Celebrating Burns Night – with Vegetarian Haggis

It only seems like five minutes ago that I was clearing away Christmas decorations and making New Year Resolutions and yet here I am making Burns Night preparations.

Burns Night,  is held in honour of Scotland’s most famous poet Robert Burns,  and is held each year on  January 25th to mark his Birthday.


The tradition started a few years after the poet’s death in 1796, when his friends commemorated his career on the date of his death (July 21st) each year. This marked the birth of the Burns Supper and  eventually it became a nationwide event that cme to be held on his Birthday  includes recitals of the poet’s work, haggis and whisky.


Those who partake in the full Burns Night Ritual  are piped in and then The Selkirk Grace  is recited before dinner. The prayer is attributed to Robert Burns, however, a version of this stanza was known in the 17th century as the Galloway Grace or the Covenanters’ Grace and was said in Lallans (the Lowland Scots dialect). 


Selkirk Grace


Some hae meat and canna eat,

And some wad eat that want it;

But we hae meat, and we can eat

Sae let the Lord be thankit.


So, what’ on my Burns Night Menu? Well, I shall be making a rather delicious vegetarian feast to celebrate Burns Night and it will include a warming and hearty Scottish Broth  for starters and then a home made haggis. In our home we like any excuse for a bit of pomp and ceremony so we serve our home-made vegetarian haggis with neeps and tatties and it is always carried in on a silver salver or a special plate; though sadly we can’t manage the pipes my children are happy to partake in some slow clapping and of course there has to be a recital of Ode to a Haggis


Fair fa’ your honest, sonsie face,
Great Chieftan o’ the Puddin-race!
Aboon them a’ ye tak your place,
Painch, tripe, or thairm:
Weel are ye wordy of a grace
As lang’s my arm

The groaning trencher there ye fill,
Your hurdies like a distant hill,
You pin wad help to mend a mill
In time o’need
While thro’ your pores the dews distil
Like amber bead

His knife see Rustic-labour dight,
An’ cut you up wi’ ready slight,
Trenching your gushing entrails bright
Like onie ditch;
And then, O what a glorious sight,
Warm-reeking, rich!

Then, horn for horn they stretch an’ strive,
Deil tak the hindmost, on they drive,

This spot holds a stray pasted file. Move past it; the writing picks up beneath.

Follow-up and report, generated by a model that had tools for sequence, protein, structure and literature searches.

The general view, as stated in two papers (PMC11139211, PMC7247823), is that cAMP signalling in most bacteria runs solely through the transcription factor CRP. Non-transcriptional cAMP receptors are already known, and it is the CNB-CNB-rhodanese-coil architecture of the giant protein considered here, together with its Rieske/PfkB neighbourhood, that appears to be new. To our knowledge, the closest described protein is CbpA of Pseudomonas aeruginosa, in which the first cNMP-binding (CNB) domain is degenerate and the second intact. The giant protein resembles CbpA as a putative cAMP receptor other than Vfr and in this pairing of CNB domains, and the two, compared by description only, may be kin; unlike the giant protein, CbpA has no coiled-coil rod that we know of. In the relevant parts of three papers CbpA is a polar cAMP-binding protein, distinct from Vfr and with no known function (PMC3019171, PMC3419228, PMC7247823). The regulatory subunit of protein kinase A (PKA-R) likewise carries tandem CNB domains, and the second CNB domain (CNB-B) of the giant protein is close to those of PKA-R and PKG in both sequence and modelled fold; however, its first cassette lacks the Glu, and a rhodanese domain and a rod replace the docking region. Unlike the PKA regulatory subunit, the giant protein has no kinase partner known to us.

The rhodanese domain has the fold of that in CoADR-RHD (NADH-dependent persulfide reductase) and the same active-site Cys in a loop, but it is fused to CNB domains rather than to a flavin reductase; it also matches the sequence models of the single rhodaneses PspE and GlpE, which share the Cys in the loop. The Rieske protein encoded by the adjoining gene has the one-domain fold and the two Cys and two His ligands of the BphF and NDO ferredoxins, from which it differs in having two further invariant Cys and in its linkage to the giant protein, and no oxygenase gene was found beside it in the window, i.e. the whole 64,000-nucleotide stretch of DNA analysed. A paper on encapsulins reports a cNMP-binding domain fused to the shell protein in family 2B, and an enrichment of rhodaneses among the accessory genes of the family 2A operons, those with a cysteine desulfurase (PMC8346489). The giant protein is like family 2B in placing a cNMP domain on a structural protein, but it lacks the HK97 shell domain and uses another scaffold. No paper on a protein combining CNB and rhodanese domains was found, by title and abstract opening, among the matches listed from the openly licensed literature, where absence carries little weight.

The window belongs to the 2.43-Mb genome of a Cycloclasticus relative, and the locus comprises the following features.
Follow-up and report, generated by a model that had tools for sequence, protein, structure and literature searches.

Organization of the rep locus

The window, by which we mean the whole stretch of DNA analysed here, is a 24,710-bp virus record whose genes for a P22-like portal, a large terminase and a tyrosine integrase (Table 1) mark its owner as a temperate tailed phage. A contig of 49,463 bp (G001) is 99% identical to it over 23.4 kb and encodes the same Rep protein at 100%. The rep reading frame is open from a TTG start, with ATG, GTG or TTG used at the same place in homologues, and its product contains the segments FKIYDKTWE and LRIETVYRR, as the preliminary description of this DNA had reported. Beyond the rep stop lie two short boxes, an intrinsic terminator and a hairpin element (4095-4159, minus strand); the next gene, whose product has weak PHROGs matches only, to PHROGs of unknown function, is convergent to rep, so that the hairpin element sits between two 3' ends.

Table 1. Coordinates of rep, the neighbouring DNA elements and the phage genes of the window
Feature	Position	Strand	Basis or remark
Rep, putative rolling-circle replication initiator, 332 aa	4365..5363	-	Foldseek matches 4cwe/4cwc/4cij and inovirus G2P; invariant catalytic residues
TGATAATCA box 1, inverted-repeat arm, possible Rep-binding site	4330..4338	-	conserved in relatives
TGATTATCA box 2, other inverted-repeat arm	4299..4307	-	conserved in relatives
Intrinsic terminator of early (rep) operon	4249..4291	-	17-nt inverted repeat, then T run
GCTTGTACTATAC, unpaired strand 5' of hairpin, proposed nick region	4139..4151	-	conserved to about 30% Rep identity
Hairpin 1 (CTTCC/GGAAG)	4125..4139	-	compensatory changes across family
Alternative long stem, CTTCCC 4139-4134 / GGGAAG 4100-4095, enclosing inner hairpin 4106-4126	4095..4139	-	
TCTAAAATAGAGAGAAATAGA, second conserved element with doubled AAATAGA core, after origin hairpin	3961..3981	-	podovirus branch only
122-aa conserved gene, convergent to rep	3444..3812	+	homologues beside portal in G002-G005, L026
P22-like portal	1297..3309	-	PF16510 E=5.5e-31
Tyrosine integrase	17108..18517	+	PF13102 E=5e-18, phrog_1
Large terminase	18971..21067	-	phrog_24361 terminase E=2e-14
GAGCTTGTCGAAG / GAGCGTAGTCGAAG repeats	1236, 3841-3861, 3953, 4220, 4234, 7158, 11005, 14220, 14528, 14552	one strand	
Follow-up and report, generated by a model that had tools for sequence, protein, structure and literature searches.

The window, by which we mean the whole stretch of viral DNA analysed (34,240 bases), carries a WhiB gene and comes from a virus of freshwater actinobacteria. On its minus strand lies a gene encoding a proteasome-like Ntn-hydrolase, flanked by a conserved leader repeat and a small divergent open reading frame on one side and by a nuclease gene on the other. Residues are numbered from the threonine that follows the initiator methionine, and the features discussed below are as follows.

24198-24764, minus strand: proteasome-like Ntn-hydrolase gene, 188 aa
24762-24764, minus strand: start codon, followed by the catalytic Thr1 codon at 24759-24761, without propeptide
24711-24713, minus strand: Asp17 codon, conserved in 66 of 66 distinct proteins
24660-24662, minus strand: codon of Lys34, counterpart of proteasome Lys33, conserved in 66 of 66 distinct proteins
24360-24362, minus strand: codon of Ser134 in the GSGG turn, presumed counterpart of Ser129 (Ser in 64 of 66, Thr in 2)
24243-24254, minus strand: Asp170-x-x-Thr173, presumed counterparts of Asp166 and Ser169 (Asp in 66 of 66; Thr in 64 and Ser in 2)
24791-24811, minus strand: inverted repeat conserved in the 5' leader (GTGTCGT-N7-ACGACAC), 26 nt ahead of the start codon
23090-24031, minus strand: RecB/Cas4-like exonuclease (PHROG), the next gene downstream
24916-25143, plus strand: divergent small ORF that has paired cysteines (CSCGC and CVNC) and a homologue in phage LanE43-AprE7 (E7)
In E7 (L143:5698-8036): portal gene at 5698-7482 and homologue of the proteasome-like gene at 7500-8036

Till a’ their weel-swall’d kytes belyve
Are bent like drums;
Then auld Guidman, maist like to rive
Bethankit hums

Is there that owre his French ragout,
Or olio that wad staw a sow,
Or fricassee wad mak her spew
Wi’ perfect sconner,
Looks down wi’ sneering, scornfu’ view
On sic a dinner?

Poor devil! see him owre his trash,
As feckless as a wither’d rash
His spindle-shank a guid whip-lash,
His nieve a nit;
Thro’ bluidy flood or field to dash,
O how unfit!

But mark the Rustic, haggis-fed,
The trembling earth resounds his tread,
Clap in his walie nieve a blade,
He’ll mak it whissle;
An’ legs, an’ arms an’ heads will sned,
Like taps o’ thrissle

Ye pow’rs wha mak mankind your care,
An’ dish them out their bill o’fare,
Auld Scotland wants nae skinking ware
That jaups in luggies;
But, if ye wish her gratefu’ pray’r,
Gie her a Haggis!




120g country soup mix  ( A mix of pearl barley, yellow split peas, green split peas, marrowfat peas and red split lentils)

1 tbsp olive oil

25g (1oz) butter 1 large onion finely diced

200g (7oz) parsnips, peeled and grated

2 tsp vegetarian Worcester Sauce

1 tbsp marmite

1 tbsp brown sauce

2 tsp mustard

1/4 tsp mixed spice

1/4 tsp cinnamon

¼ tsp ground white pepper

125g (4oz) Portobello flat mushrooms, finely diced

100g (3 1/2oz) whole ready-to-use chestnuts, chopped

75g (3oz) FINE OATMEAL

450ml (3/4 pint) vegetable stock


Ideally you need to soak the country soup mix overnight, however, if you forget, weigh and rinse the mix in cold water then boil in fresh water for twenty minutes before soaking for three hours in clean fresh water.

Place the soaked country soup mix into a large saucepan and cover with fresh, cold water water.
Place the pan on the hob on a high heat. Bring to the boil and boil  rapidly for 10 minutes.
5. Reduce the heat to low and simmer for 50 minutes,  or until the country soup mix has softened but is slightly firm to the bite.
6. Drain thoroughly, rinse and set aside.


Heat the oil and butter in a large heavy bottomed pan and add the onion. Cook for 5 minutes until soft and add the grated parsnips and the all the spices. Stir to prevent sticking and cook until starting to turn golden.

Preheat the oven to gas 4, 180°C, fan 160°C. Add the mushrooms to the onion and parsnip mixture and cook for about 5 minutes. Then add the chestnuts, oats, country soup mix, marmite, brown sauce, mustard and veggie Worcester sauce.

Add the vegetable stock and cook until the mixture is thick and almost all of the liquid is gone. Put the mixture in a 2-litre loaf tin or divide between timbale moulds and cook in the oven for 30 minutes.


I serve this with a home made port gravy and heaps of neeps and tatties.